As the world’s last frontier, Africa continues to be on a positive growth trajectory and all indications are that the growth will only intensify going into the future. Currently, the African population is estimated at over one billion people and it is estimated that over 50% of the overall population will be living in cities by 2030. This rapid urbanisation will have to be matched with acceleration in infrastructure development to support people’s livelihood and commercial activities alike.
Business Monitor estimated that the value of transactions would increase from $12 billion in 2011 to $85 billion in 2016 in the continent. According to the African Development Bank, annual consumer expenditure will reach $2.2 trillion by 2030. Viable growth in commercial activity will be crucially dependent on similar growth in payments infrastructure to support the volumes of transactions associated with projected levels of consumer expenditure.
A case exists for mobile banking and mobile payment to also play a greater role in commerce. Mobile banking refers to the provision of banking services to customers through mobile devices. Mobile payments, meanwhile, refer to the transfer of funds or any other form of value through mobile devices in return for goods and services.
These payments can be executed either in proximity or remotely. Together with mobile retail, they collectively represent what is referred to as M-Commerce. In M-Commerce there are a number of regulatory frameworks governing banks, telecommunications operators, technology companies, merchants, and other players involved in the mobile money ecosystem.
These frameworks primarily seek to uphold the safety and security of financial transactions as well as to protect personal information. Even though some countries have clear frameworks, there are markets where the regulatory frameworks are not established enough to clarify the market turfs; for example, for telecommunications operators vs. banks.
Mobile banking is set to grow in the continent for a number of reasons. Firstly, there is the fact that generally Africa has a low base of physical banking infrastructure. According to a British Magazine, Technology Banker, in 2009 there were roughly 36,000 ATM’s in the continent, most of these in South Africa.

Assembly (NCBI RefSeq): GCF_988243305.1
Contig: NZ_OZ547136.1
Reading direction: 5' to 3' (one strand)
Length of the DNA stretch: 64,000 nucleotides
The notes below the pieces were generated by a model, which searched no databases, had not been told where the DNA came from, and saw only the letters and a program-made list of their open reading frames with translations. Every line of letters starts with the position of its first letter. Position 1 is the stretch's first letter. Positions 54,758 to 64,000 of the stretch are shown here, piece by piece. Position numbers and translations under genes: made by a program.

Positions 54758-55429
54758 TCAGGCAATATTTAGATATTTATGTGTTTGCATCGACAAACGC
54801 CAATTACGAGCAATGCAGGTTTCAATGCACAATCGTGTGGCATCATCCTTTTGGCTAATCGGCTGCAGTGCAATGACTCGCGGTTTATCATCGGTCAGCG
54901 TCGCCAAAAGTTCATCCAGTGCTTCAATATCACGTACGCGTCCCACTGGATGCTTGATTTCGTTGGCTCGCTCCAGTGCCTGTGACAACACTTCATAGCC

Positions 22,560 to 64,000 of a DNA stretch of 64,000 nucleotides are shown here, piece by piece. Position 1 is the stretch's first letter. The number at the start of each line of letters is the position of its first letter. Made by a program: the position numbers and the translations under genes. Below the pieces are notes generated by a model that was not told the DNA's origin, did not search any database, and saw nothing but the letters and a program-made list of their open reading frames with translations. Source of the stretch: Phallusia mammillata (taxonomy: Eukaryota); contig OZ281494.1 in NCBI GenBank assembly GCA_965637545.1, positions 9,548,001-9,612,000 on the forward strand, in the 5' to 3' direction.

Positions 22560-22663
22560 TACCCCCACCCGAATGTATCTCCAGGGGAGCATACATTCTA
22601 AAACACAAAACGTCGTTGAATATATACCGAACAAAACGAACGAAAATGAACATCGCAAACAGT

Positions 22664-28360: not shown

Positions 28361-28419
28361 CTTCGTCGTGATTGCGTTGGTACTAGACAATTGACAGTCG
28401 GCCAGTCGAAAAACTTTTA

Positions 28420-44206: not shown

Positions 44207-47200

Mobile banking set to grow in Africa
A 2011 World Bank research paper suggested that the number of ATMs per 100,000 adults was 59.58 in South Africa. The picture is somewhat skewed when this ratio is compared to South Africa’s neighbouring countries like Lesotho (7.3), Mozambique at 5.7, and Namibia at 30. The same ratio in the European Union stood at 70.
In addition to lack of physical infrastructure, the continent’s internet penetration rate remains the lowest in the world. The opportunity is that, with the high cellphone penetration rates across the continent, Africa may not need to catch with respect to traditional banking and payments infrastructure.
Secondly, the pricing regimes for existing infrastructure such as ATMs and cards are not responsive to the economic realities of most African markets. Exacerbated by the local currencies performances, this affordability challenge is even greater in the international money transfer domain. Most African economies are dependent on international money transfers due to the large number of African expats all over the world.
Leveraging mobile technology
According to an online publication, the African Focus, remittance flows to Sub Saharan Africa were estimated at $21 billion a year from 2008 to 2010 and increased to $24 billion in 2012. The transfer cost, according to the World Bank was 11.57% per $200 in the third quarter of 2011 in Sub Saharan Africa, the highest average cost compared to other parts of the world. This certainly positions mobile payments as an alternative channel that is real time cost effective.
Lastly, one of the major social imperatives that cut across the continent is the challenge of financial inclusion. There are varying statistics around the number on unbanked adults in the continent. What remains clear is that access to financial services and not just bank accounts is a major issue. The economies of Africa will not reach their potential if access to financial services does not reach the broader sections of the populace.